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Inn at Easton vs. 208 Talbot, Part 1


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Inn at Easton vs. 208 Talbot, Part 1

PoolBoy | Jan 22, 2003 12:30 PM

Wife and I recently had a pleasant stay at the Inn at Easton (Easton, MD). We ate at the Inn one night and at 208 Talbot in St. Michaels the next. The contrast between our dining experiences at 208 Talbot and the Inn at Easton says a lot about how restaurant quality is improving in the United States. My comments are long, so I’ve broken them up into two postings. Here is the first, focusing on the Inn at Easton.

I know I am not the first to say it, but the Inn’s chef, Andrew Evans, is seriously talented. The dinner menu is contemporary fine dining, with Australian influences (New Aussie-American?). Saturday night’s menu is prix-fixe ($55). As we were relaxing in our room Saturday evening, the tempting aroma of freshly-baked rolls wafted upstairs. At dinner we discovered they tasted as good as they smelled.

The rolls were followed by a gift from the kitchen: a tall shot glass of “oyster essence.” It was a sea-foamy and ultralight liquid, with what smelled like a touch of bacon (but might have been smoked peppers).

Wife’s first course was a warm goat cheese and tomato tart with pickled beet salad and balsamic vinaigrette, which she enjoyed very much. I decided to take advantage of the rare (for me) opportunity for Australian food and started with the grilled Australian “Moreton Bay Bugs.” Insects? I had to ask, too. No; they are actually a kind of small lobster—-lighter in texture, less chewy, but not as sweet as lobster. I received three small, shelled tails, which were served around a small papaya salad with a yellow bean sauce. They were very nicely prepared, interesting, and tasty. It was a good light appetizer.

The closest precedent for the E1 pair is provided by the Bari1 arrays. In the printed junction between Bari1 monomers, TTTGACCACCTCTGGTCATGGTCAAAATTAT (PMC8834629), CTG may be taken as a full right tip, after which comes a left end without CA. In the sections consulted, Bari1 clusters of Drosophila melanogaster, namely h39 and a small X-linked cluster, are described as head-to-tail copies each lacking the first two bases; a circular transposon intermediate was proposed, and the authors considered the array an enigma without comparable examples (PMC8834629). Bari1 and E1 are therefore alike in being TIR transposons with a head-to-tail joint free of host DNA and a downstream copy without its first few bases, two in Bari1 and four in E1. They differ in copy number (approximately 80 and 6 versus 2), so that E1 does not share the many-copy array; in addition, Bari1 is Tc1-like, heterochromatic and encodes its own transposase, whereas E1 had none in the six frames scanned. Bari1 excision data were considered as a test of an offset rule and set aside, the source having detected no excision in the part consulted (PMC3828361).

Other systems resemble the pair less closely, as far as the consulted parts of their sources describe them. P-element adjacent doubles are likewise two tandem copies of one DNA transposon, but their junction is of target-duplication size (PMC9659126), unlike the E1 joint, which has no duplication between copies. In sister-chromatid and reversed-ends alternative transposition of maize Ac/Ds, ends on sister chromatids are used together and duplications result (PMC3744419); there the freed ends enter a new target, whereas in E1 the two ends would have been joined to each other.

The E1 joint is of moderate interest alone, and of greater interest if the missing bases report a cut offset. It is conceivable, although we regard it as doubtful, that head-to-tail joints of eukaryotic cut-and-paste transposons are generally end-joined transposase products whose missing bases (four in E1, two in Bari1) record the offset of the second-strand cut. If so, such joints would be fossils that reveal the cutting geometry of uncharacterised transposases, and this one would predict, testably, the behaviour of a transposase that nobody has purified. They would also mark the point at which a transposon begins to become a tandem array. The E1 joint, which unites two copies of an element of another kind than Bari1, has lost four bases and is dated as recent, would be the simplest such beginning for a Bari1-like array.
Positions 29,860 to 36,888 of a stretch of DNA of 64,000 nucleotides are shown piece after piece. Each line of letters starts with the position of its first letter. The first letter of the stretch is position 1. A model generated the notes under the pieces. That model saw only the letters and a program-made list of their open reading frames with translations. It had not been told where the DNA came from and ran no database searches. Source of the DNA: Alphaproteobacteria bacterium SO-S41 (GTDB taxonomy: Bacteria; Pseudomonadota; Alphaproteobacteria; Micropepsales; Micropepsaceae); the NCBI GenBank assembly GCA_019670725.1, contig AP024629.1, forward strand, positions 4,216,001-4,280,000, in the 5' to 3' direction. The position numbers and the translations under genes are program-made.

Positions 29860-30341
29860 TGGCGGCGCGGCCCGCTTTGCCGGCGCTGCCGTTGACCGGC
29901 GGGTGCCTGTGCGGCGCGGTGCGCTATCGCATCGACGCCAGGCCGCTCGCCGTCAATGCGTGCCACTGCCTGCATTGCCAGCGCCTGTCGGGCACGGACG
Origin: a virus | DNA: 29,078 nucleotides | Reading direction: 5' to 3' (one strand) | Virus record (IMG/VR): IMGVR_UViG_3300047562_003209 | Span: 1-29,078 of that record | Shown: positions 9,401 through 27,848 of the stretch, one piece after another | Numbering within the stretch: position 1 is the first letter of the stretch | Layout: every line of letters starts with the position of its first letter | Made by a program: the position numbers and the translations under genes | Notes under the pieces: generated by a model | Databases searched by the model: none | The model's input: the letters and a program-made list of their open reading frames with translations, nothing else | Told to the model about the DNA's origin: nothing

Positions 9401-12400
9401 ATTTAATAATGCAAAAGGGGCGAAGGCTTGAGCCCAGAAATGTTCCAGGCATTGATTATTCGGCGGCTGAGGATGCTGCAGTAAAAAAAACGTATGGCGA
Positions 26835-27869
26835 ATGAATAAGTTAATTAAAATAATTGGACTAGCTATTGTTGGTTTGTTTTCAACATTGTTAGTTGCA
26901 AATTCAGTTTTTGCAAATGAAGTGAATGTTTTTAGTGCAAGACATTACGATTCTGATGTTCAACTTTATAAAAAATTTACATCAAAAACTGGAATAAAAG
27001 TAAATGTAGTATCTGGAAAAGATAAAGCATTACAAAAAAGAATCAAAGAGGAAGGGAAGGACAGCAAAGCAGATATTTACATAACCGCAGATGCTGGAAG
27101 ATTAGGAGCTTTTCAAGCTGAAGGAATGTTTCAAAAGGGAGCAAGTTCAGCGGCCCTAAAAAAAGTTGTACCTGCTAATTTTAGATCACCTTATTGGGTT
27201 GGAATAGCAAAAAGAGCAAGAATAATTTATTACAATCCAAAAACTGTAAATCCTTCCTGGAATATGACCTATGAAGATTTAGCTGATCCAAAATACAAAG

A mixed green salad served as an intermezzo. It was a competent salad, if nothing special. For some reason there was a piece of butter in mine (but not Wife’s). I think it was an accident.

For our main courses Wife chose the pan-roasted Atlantic salmon. She had salmon earlier in the week at Butterfield 9 (which she described as “perfect”), so the Inn had a tough act to follow. It did a pretty good job, though I think Wife cared more for the creamed savoy cabbage that accompanied the fish, along with a potato fondant and a beet and sherry sauce. Again, I went the Australian route, and for the first time ate kangaroo! After years of reading at Winepros (an Australian wine review web site) that such and such Shiraz should be accompanied by “roasted kangaroo,” I was able to try it-—alongside a beautiful wine (2001 Marquis Phillips Shiraz 9). Pistachio-encrusted and served on the rare side, sliced, over spaetzle, red onion jam, and black currant juice, it was a real winner. In taste the ‘roo was not too different from farm-raised venison. However, since it is very low in fat, the meat is slightly chewier-—but only slightly: you could still slice through it with a butter knife. The pistachios added a nice crunch, and the spaetzle-onion-currant accompaniment was delicious.

Dessert for me was a granny-smith apple tarte tatin with caramel ice cream and candied walnuts, which they ask you to order with your main course, souffle-style, since it takes a while to make. Very nice. Wife had the trio of sorbets—-lemon, tangerine, and blackberry--which she described as incredibly intense.

Service was friendly and knowledgeable. It is not formal service, but it is restrained and elegant when the moment calls for it, and more casual or chatty if prompted by the customer. Despite the location, far from an urban center (and thus without a large, trained, competitive pool of talent), I was impressed with the service. The food looks good on the plate, and the presentation is on par with fine city restaurants. The wine list is a good size for such a small restaurant, and includes, as you might expect, a number of Australian gems. Wines appeared to be priced more or less at the standard restaurant mark-up of double retail.

The Inn is a large, old (circa 1790) brick house near the edge of the downtown Easton area. The interior has some modern touches, including an interesting light fixture in the parlor, and bold colors on many of the walls. The Inn has seven guest rooms on its three upper floors (stairs only, no elevator). The lodging experience was above average and the house staff were courteous, friendly, and efficient. I would characterize the Inn as fitting into the category of “aspiring casual luxury.” “Aspiring” in that there are a few minor things that could be improved, e.g., flimsy plastic hangers in the room closet, cheesy muzak-like music piped in too loudly during breakfast, etc. “Casual” in that the house staff do not wear uniforms, men can comfortably forgo a jacket at dinner, and the rooms have just a minor rusticity to them. “Luxury” in that the staff is very accommodating of guest requests, linens and pillows are quite nice, dinner is excellent (as is the generous continental breakfast), turn-down is accompanied by bottled water and chocolate mints, and the house itself is beautiful. Highly recommended.

(Part 2 to follow.)

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